Studies were included in the meta-analysis only if enough
information could be gleaned to calculate at least one effect size
representing the difference between groups with and without
PTSD on one of the designated psychophysiological variables.
Some studies compared PTSD groups with more than one type of
control group. These studies typically included both a control
group that was exposed to the same index trauma as the PTSD
group and a control group that was not exposed to such trauma.
Whenever possible, effect sizes were calculated with respect to a
trauma-exposed control group. This was done with the expectation
that such effect sizes would provide the most conservative estimate
of the effects of PTSD status over and above the effects of mere
trauma exposure. When insufficient information was presented in
the published report, some authors supplied the data required to
compute the target effect sizes (e.g., Orr, Lasko, et al., 1998; Orr,
Meyerhoff, Edwards, & Pitman, 1998; Orr & Pitman, 1993; Tara-
brina et al., 2001). In other cases, the appropriate effect sizes were
gleaned from secondary sources, that is, books (e.g., Blanchard &
Hickling, 2004), review articles (e.g., Prins et al., 1995), or other
meta-analyses (e.g., Buckley & Kaloupek, 2001). When such
information could not be gleaned for any relevant psychophysio-
logical measure, the study was excluded (e.g., Grillon & Morgan,
1999; Laor et al., 1998; Malloy, Fairbank, & Keane, 1983; Mc-
Durmut, Haaga, & Kirk, 2000; McNally et al., 1987).
Meta-analyses normally include only one effect size per con-
struct per study. In the present meta-analysis, the concept of
construct was defined so that each psychophysiological response
measure was viewed as a separate construct. Thus, several effect
sizes were often derived from a given study, each representing a
different construct. For example, the HR response to an idio-
graphic trauma cue was defined as a separate construct from the
SC response to the same trauma cue. Similarly, the HR response to
an idiographic trauma cue was defined as a separate construct from
the HR response to a standardized trauma cue even when these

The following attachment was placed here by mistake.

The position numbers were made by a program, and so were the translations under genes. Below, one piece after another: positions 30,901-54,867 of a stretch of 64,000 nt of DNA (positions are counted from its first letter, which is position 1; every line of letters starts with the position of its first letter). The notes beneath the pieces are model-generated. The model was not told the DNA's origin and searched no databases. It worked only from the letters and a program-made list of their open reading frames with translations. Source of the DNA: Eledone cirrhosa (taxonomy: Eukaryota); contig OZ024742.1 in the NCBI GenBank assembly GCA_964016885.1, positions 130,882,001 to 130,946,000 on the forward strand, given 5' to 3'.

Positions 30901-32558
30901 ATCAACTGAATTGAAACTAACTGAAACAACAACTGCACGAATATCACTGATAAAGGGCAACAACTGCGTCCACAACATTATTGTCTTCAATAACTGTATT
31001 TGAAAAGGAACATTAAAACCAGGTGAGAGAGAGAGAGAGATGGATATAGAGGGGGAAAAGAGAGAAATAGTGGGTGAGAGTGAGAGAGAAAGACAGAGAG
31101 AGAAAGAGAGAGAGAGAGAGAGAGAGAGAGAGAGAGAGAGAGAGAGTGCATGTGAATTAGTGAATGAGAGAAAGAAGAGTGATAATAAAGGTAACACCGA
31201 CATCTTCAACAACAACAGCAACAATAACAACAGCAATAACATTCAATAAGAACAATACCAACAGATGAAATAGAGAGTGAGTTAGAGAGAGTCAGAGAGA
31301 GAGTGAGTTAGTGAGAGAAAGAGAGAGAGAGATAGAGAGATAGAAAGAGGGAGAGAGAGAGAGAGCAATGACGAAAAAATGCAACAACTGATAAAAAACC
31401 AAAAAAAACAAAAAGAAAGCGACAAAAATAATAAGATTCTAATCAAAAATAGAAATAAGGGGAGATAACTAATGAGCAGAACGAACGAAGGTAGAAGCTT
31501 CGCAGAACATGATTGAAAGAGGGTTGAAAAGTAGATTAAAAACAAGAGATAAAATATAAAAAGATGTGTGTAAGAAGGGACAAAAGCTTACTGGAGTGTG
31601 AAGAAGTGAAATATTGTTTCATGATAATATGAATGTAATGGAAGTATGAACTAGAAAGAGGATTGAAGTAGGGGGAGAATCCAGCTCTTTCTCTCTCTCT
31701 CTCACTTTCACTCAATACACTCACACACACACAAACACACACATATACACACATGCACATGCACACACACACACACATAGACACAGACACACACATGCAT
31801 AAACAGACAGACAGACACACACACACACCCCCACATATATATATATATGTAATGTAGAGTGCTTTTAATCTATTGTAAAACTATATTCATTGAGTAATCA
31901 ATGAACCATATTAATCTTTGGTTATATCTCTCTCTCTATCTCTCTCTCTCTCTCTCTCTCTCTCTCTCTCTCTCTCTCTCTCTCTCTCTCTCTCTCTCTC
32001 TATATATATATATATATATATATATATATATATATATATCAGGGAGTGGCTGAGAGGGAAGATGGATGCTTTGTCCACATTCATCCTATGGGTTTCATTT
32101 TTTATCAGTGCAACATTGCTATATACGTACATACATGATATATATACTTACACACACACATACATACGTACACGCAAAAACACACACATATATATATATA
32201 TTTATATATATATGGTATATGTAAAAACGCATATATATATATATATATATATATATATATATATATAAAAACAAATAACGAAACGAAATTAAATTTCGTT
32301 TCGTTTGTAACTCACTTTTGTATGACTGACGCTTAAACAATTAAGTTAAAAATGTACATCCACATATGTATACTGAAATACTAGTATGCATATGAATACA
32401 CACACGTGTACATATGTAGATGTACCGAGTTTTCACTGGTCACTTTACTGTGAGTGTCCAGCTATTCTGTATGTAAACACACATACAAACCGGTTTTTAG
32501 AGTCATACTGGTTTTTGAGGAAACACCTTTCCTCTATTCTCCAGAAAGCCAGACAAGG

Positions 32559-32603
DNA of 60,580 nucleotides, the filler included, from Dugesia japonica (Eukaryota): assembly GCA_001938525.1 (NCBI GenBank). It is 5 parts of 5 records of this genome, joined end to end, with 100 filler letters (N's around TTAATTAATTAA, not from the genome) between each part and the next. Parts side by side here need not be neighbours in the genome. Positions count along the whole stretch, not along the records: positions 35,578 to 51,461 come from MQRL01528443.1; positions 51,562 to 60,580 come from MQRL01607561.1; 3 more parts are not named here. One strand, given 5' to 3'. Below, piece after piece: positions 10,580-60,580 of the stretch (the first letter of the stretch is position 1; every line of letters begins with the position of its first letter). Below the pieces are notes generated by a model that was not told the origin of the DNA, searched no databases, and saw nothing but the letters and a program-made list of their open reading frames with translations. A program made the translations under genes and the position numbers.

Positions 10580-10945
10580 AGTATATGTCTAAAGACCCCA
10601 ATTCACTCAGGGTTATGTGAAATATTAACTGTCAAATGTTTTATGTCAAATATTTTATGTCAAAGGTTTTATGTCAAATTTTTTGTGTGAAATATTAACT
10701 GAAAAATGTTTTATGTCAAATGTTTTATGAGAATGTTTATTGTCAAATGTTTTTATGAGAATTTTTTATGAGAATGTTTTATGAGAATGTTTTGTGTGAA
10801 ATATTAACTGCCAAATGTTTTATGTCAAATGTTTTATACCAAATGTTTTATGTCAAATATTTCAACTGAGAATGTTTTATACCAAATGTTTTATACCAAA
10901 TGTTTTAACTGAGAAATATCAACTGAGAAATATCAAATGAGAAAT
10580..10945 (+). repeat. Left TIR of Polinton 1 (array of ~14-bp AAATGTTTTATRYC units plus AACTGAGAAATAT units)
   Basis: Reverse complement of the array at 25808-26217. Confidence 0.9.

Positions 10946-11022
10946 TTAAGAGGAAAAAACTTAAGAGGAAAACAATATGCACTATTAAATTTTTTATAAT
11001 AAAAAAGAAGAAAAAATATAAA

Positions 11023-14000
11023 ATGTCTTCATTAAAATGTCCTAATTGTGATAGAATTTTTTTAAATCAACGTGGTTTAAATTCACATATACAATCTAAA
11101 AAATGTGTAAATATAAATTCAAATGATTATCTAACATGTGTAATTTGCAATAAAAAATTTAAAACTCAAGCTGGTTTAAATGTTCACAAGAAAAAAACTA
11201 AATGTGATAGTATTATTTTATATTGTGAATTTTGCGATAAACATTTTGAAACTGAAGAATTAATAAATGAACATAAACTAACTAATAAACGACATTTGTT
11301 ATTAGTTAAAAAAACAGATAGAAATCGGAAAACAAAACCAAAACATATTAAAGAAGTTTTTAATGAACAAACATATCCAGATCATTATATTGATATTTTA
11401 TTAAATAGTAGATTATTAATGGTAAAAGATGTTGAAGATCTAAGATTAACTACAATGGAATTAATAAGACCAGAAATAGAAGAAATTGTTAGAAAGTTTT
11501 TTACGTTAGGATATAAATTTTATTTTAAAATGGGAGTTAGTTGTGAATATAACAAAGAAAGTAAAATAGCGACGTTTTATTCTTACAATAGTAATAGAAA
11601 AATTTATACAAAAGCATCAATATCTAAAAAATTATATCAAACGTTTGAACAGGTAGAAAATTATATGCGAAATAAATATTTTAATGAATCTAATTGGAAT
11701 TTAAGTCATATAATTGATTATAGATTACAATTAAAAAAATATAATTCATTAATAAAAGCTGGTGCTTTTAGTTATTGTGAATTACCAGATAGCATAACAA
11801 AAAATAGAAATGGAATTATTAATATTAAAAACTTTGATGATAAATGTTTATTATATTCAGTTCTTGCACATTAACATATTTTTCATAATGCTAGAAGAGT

measures were assessed in the same study. When more than one
measure was reported for a particular construct (e.g., several
measures of startle eyeblink), the mean response (e.g., mean
O-EMGR to all startling sounds) was used to calculate the effect
size. In addition to the separate effect sizes for each psychophys-
iological measure, an aggregate psychophysiological effect size
was obtained for each task by calculating the mean of all psycho-
physiological effect sizes assessing responses to the same task
(e.g., all physiological measures of responses to standard trauma
All study effect sizes were calculated following standard meta-
analytic procedures and expressed in terms of r (Rosenthal, 1994).
1The hand-searched journals included American Journal of Psychiatry,
Annals of Behavioral Medicine, Annals of the New York Academy of
Sciences, Applied Psychophysiology and Biofeedback, Archives of General
Psychiatry, Australian and New Zealand Journal of Psychiatry, Behavior
Research and Therapy, Behavior Therapy, Behavioural and Cognitive
Psychotherapy, Biofeedback and Self Regulation, Biological Psychiatry,
British Journal of Psychiatry, Clinical Psychology and Psychotherapy,
Comprehensive Psychiatry, Depression and Anxiety, European Archives of
Psychiatry and Clinical Neuroscience, Integrative Physiological and Be-
havioral Science, International Journal of Psychophysiology, Israel Jour-
nal of Psychiatry and Related Sciences, Journal of Abnormal Psychology,
Journal of Anxiety Disorders, Journal of Behavior Therapy and Experi-
mental Psychiatry, Journal of Clinical and Experimental Neuropsychol-
ogy, Journal of Clinical Psychiatry, Journal of Clinical Psychology, Jour-
nal of Clinical Psychopharmacology, Journal of Consulting and Clinical
Psychology, Journal of Nervous and Mental Disease, Journal of Neuro-
psychiatry, Journal of Russian and East European Psychology, Journal of
Traumatic Stress, Life Sciences, Neuropsychobiology, Neuropsychophar-
macology, NeuroReport, Psychiatric Annals, Psychiatric Quarterly, Psy-
chiatry, Psychiatry Research, Psychological Reports, Psychopathology,
Psychopharmacologia, Psychophysiology, Psychosomatic Medicine, and
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Received March 6, 2006
Revision received March 20, 2007
Accepted March 26, 2007 ?